• Eat 4-5 meals per day for a week or so to give your blood sugar regulation system a break. 
  • Have a snack of protein and fat or a starch before bed. Make sure any carbs you are eating are eaten with protein. 
  • Avoid caffeine

A word of caution on supplements. Please don’t go buy them at your local big box store or the corner pharmacy store. Don’t buy them on Amazon either. I suggest at the very least to buy from Vitamin Shoppe or from your local food coop or even Whole Foods. You should work with a practitioner that can help you find just what you need though

The reason for this is there is no regulation on supplements. They don’t have rules in manufacturing or labeling. Some supplements won’ t even have the ingredients stated on their label or the dose can be way off. Some might have gluten or dairy in them and you might have a sensitivity to it. This is one case where quality really matters. 

A practitioner should be able to find what is most bioavailable for you since there are multiple chemical formulations of certain nutrients and some work better than others. Some are more expensive than others to manufacture. 

You also need to make sure you start with low doses so as not to over do it.  You just don’t know how your body will react to a new supplement. Starting slowly with lower doses will help you catch a reaction to it before it gets too bad. 

There is no magic supplement that will fix the hashimoto’s or anything for that matter. Some of these will definitely help you on your journey to healing or remission or whatever you want to call it. 

My top picks would be Hydrozyme from Biotics which is a lower dose stomach acid supplement and diet changes first and foremost. You can get that by going to www.getbiotics.com and using my practitioner code DFILC163. 

When starting a dose of stomach acid, remember to take a few bites of your protein based meal, take a pill, take a bite of food, take a pill and you do this until you feel a little burning sensation. Then you know to take one less than what gave you the burning sensation.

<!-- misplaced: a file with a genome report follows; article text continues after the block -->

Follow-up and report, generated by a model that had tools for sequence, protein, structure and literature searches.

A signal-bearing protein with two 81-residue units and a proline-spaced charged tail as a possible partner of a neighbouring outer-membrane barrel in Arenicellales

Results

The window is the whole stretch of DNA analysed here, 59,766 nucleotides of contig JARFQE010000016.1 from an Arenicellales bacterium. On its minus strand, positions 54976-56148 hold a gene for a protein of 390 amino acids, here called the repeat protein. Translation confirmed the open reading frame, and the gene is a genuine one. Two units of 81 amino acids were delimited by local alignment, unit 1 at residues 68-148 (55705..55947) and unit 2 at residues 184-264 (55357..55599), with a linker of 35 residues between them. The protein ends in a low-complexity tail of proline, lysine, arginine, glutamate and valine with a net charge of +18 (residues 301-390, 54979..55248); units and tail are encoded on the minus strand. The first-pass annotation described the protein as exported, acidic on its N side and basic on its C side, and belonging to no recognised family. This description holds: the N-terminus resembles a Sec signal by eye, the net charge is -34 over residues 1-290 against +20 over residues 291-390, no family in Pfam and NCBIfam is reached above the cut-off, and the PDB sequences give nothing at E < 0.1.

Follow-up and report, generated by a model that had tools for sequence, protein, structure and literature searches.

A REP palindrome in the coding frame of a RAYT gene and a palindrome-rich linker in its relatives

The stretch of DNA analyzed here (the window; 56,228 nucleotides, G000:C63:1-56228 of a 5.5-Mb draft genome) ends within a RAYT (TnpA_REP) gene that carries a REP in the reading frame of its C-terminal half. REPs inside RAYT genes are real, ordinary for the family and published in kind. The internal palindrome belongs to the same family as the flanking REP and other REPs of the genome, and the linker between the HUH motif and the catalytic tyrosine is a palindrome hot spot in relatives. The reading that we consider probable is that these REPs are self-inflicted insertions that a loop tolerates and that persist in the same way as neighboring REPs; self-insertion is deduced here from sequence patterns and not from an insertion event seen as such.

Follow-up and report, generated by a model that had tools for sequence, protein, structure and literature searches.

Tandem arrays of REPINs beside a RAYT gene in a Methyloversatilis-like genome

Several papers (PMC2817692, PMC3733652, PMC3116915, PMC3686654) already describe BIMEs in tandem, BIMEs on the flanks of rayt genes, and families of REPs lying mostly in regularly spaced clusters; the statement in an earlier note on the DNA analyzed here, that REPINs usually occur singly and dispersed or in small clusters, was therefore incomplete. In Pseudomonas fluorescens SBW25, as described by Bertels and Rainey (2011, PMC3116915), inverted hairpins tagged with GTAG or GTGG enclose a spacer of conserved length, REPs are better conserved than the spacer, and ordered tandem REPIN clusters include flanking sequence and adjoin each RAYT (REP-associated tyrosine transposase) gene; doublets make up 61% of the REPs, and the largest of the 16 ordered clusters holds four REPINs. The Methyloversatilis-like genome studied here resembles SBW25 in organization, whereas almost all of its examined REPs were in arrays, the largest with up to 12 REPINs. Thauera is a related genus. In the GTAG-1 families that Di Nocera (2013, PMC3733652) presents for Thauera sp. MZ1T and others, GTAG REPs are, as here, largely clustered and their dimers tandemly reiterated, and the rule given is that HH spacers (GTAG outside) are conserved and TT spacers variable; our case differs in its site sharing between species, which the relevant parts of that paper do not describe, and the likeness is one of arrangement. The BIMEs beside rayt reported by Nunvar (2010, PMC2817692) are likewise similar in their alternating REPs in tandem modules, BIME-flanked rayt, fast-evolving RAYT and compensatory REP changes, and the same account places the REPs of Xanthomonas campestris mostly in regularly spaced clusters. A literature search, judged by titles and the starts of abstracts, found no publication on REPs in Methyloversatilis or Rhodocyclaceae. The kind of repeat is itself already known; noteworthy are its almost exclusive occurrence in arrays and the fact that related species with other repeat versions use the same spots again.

Thanks so much for listening. Please tell anyone you know who has been diagnosed with Hashimoto’s to listen in and if you would be so kind as to leave a review on iTunes so more people can find this podcast that would be great too. My goal is to help as many people as possible to feel better and beat this disease. 

Got a question about your thyroid or hashimoto’s? Please send your questions to helpforhashimotos@gmail.com or head on over to my website and fill out the contact form there. 

You can find me at www.outofthewoodsnutrition.com or www.helpforhashimotos.com  I’m on Instagram at @Stephanieewalsntp which is where I post the most and on facebook at Out of The Woods Nutrition

See you next time. 

Help For Hashimoto's Episode 7

Help For Hashimoto's Episode 7

Today we are going to be talking about the adrenal glands. I had a question from someone asking me what the adrenal glands were so here you go! 


Adrenal fatigue symptoms: 


Being a night person, hard time falling asleep, slow starter in the morning: 


All signs that your cortisol rhythm is out of balance causing cortisol to be high at night and low in the morning. It should be the opposite. 


Do you tend to be keyed up and have trouble calming down?


This is a sign of increased adrenal output or hyperadrenalism. Having high cortisol with low DHEA can cause this. In the beginning stages of adrenal breakdown, the body’s response to stress is to increase the cortisol output from the adrenal glands. If the stress never stops, this process doesn’t stop and you will eventually have adrenal fatigue.